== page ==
Volunteers needed for WATERCON 2011! If you have basic computer operating experience (opening PowerPoint presentations, troubleshooting small problems), then we need you as a computer operator for the technical sessions. There are half day volunteer spots available. We will try to match you up with a track you are interested in. You just start the presentations, make sure presenters don’t load any of their own files on the Section computers, and help coordinate troubleshooting if there are technical issues. If you are interested please contact Don Bratschie. Preliminary planning has already begun for our 2011 annual conference. We are looking at one of the hottest technology tropics out there as a focus of the event: Mobile Technology! If you have specific mobile technology topics you would be interested in, please e-mail them to the contact below. Stay tuned for details over the next few months. IMTech Mission Statement: To be the authoritative resource for the dissemination of education and information on state-of-the-art technology to members of the Illinois Section AWWA. IMTech Goals: 1) To increase member participation at the annual IMTech Conference 2) To support the ISAWWA annual conference with technology issues If you are interested in joining the committee, volunteering or have any questions about IMTech please contact me at the information provided above. RIGHT: Sample mobile technology devices

Education Committee Chris Ulm, Chair

seminar durations ranging from 1 hour to multiple days. We have access to state-of-the-art facilities and testing labs. We are trying to develop several core curriculum courses that we repeat, as well as providing unique or “hot topic” type classes, which can even be specific to a region of the State.

The Education Committee is off and running this year. Not only are we preparing the next training schedule for the last half of the year, but we are also developing new ways to extend education to water industry professionals. We need your help in order to continue to be effective in providing education for you and your coworkers. In one way or another, with only a few minutes of your time, you can help us out significantly. Here are just a few ways: 1. We need presentation topic ideas from you. Do you know anyone with an opinion they aren’t afraid to share? We need opinions on which topics you would like to present. We can accommodate almost any level of detail and special requirements. We have several different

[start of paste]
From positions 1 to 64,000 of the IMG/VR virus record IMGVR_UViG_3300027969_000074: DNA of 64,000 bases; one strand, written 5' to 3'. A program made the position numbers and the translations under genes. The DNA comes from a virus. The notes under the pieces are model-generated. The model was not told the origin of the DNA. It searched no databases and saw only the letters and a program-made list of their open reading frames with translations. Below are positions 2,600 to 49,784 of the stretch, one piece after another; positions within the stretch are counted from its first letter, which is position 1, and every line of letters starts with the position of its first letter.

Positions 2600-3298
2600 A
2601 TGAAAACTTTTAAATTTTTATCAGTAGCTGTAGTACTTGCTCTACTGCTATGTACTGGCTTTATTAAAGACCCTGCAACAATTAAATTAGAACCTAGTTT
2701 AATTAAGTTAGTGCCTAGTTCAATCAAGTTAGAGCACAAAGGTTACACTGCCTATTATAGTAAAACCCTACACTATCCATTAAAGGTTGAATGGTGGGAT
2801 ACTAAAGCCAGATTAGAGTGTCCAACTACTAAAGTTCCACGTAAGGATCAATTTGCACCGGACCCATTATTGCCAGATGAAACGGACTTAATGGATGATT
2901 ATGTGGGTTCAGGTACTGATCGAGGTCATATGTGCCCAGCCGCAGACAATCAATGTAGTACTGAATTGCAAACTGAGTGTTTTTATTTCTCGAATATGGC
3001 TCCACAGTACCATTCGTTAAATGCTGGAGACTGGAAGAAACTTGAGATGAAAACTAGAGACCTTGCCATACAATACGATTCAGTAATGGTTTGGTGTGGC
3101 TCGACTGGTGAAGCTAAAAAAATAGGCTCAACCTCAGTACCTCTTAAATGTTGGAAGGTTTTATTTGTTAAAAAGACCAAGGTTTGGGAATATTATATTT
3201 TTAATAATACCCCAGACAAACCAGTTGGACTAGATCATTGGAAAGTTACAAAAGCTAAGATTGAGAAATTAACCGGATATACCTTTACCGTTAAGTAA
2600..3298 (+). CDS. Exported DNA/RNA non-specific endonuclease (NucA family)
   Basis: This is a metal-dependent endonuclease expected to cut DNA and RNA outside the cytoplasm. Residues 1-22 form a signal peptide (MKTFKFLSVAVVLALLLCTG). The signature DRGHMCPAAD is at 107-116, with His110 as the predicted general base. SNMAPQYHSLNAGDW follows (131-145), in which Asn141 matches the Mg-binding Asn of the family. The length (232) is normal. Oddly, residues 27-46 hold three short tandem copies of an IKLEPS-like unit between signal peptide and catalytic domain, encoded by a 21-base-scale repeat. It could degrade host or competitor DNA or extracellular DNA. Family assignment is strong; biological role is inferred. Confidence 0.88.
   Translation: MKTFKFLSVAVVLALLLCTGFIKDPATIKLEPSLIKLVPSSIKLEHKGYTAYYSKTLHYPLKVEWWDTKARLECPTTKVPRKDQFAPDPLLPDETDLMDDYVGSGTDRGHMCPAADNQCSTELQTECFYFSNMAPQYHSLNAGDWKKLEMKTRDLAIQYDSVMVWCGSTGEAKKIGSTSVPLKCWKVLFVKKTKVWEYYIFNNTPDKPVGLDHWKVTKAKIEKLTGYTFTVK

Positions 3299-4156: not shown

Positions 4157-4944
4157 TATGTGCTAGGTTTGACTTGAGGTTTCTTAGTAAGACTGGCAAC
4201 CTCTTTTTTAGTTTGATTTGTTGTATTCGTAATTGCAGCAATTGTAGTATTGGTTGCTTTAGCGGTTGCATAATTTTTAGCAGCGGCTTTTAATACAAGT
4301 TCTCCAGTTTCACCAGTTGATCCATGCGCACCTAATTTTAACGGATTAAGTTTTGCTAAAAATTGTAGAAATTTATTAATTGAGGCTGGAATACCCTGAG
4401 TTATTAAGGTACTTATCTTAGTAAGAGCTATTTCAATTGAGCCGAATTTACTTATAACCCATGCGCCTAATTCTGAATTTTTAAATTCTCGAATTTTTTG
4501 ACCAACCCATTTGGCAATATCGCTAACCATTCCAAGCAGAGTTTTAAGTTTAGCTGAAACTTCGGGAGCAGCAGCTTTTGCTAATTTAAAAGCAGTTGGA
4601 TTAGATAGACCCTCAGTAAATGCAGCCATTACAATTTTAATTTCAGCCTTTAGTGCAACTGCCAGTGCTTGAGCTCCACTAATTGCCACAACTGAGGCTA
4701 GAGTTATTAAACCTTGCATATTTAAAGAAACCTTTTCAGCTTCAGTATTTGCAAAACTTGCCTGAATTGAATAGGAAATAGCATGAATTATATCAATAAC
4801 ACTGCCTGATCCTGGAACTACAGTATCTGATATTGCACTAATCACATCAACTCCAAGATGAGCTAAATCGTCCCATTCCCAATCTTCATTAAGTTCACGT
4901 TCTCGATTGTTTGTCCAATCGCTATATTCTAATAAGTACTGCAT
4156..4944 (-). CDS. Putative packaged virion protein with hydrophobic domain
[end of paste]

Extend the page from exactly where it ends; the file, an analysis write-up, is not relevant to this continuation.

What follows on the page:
2. We need to know the education contact for your regional water operators association. We are working to team up with other operator groups throughout the State to work together in offering educational opportunities. If you are a member of a water operators group, please give us contact information, so we can speak with your educational coordinator and see if there is a way we can work together to help in the educational efforts. 3. We need more committee members. The more lifters we have the lighter the load. Join in on one of our conference calls. They are usually held the second Wednesday of the month at 11:00AM. Let us know if you are interested by using the contact information below and we will give you confirmation of the next meeting, call in information, and assistance getting connected. OR, join us in person during WATERCON in Springfield in March. The committee will meet at 4:00 p.m. on March 22, 2011 in the Capital III room at the Crowne Plaza. Advanced notice would be appreciated, but don’t let that stop you from dropping in unannounced. We DON’T overload with a bunch of duties. If

you are looking for a committee to network with many people and have fun doing it, the Education Committee is the one to join. We are certain you can help in one of those ways, maybe more. We want to hear from you. Here is who to contact. Lisa Jordan, Education Coordinator - ISAWWA • 866-521-3595 ext. 2 Chris J. Ulm, P.E., Strand Associates, Inc. • 815-744-4200 We would love to tell you more about the Committee and what we do. Please stop by our booth during the conference so we can meet you in person. We will have someone there who can help you by answering your educational questions, presenting our informative posters, and entering you in a raffle to win a nice prize. Finally, you should have received your training schedule by now. Please take the time to look through it for all of the training opportunities we offer. There are 48 seminars and webinars throughout the State for the first half of the year. With 27 seminar topics and 8 webinar topics, there is something for everyone. We also offer a rapidly growing library of online Elearning courses and video/ DVD rental for learning at your leisure. As in the past, we take pride in the education program we have been able to assemble this year. Please help us out in the future of education for our water industry professionals!